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You’re probably well aware of the basic tooth brushing methods, whether it’s the amount of toothpaste you need to use or the motion that’s most affective for getting rid of plaque. You may also be well schooled in the tooth brushing schedule, including how many times a day you need to brush and how long for.
However, you might not be aware of other aspects of tooth brushing that are a little less obvious, such as brushing after a meal and eating certain foods. Here are nine great tips for you to follow if you’re hoping to get maximum effect from tooth brushing.
Don’t Brush Too Hard
Some people think that brushing vigorously enough will ensure plaque is dislodged faster and in its entirety. Certain techniques for brushing such as this can be effective but they can also be harmful. Teeth should always be brushed gently, as you may well be eroding enamel and damaging your gums by brushing too hard.
Use a lighter, circular motion when brushing your teeth instead of long strokes for the best results. You could say that teeth should be treated like any other fragile item when being cleaned.
You are most likely brushing too hard if the bristles bend on your teeth, while you are almost certainly brushing too hard if you notice any blood. Blood can also be a sign of gum disease, so talk to your dentist if this happens often.
Brush At least 30 Minutes after A Meal
You can damage your teeth by brushing too soon after a meal. This is because the pH-level of your mouth is lower than normal and more acidic. This makes brushing potentially abrasive and harmful in the short term.
Don’t Ignore Molars and Sides of Teeth
It’s quite easy to forget about your molars and the inner sides of your teeth when you it I easier to see your front teeth being cleaned. All teeth require equal attention, so try and focus more on your molars as these are the area’s most often in contact with your tongue.
Look After Your Toothbrush
Your tooth brush may look clean after brushing but bacteria will always be present on a brush that isn’t thoroughly cleaned. This can lead to bad breath and cavities. Rinse the brush thoroughly after brushing to ensure the majority of bacteria is removed.
You should also store your brush somewhere other than the side of the sink, as this is where bacteria can grow more easily. Use a cup to store all toothbrushes in from now on.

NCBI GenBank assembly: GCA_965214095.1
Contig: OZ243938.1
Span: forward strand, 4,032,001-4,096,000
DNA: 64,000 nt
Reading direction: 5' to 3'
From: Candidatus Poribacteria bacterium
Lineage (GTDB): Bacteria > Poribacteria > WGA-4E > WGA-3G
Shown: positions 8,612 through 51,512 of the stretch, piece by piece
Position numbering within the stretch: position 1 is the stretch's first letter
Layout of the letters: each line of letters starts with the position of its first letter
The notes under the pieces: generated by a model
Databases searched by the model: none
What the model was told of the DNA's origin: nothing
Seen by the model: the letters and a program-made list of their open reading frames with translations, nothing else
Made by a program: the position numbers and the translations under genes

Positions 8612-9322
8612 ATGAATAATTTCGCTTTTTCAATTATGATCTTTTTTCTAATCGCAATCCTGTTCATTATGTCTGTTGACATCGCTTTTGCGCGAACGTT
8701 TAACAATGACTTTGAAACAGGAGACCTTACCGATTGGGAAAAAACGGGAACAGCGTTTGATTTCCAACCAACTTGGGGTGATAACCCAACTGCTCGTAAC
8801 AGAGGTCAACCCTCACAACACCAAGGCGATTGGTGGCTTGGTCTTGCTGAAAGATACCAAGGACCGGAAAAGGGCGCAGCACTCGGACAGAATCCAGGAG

Floss As Often As You Brush
The bristles of a tooth brush often struggle to make it in between teeth, which is where plaque can develop and subsequently cause tooth decay. This build-up of bacteria and food can be effectively handled by flossing after brushing.
Flossing is often ignored by many who decide to brush twice a day, yet this is an essential part of maintaining oral health.
Spend 2 Minutes Brushing Your Teeth
The recommended amount of time for brushing your teeth is two minutes as this allows for plenty of time to reach ever part of your teeth. It also prevents doing any further damage to your teeth with constant brushing.
You can guarantee brushing for two minutes every time by using a timer when you brush your teeth, or an electric tooth brush which automatically switches off after two minutes. You could even put some music on next to you while brushing to use as a more enjoyable timer!
Start Brushing In Different Places
When you start brushing each morning, instead of focusing on that one specific starting point, brush elsewhere so that other parts of your teeth are given the same amount of care. If you start brushing the same area of your teeth every day, you’re more likely to be less precise when brushing other areas of your teeth.
Eat Natural Teeth Cleaners – Fruit & Veg
Both fruit and vegetables are natural teeth cleaners and should be eaten regularly as part of a healthy, balanced diet. If you don’t have the option to brush your teeth for whatever reason, clean your teeth by eating fruit and vegetables instead.
They contain fibre, which is a natural plaque remover. Get rid of any stray bacteria by rinsing and remember to brush when you can next do so.
Replace Your Brush At Least 2-3 Times a Year
Many people sue the same toothbrush for over a year, to the point where the brush is no longer as effective at removing plaque as it once was. Over time, the bristles on the brush can lose their strength and become flimsy, so much so that they do very little for you in terms of keeping teeth clean.
Make sure you change your toothbrush at least 2-3 times a year and look out for any obvious signs that your toothbrush is no longer doing the best possible job.
Article provided by Precision Dentistry, an aesthetic and implant dental practice based in Glasgow for over 20 years.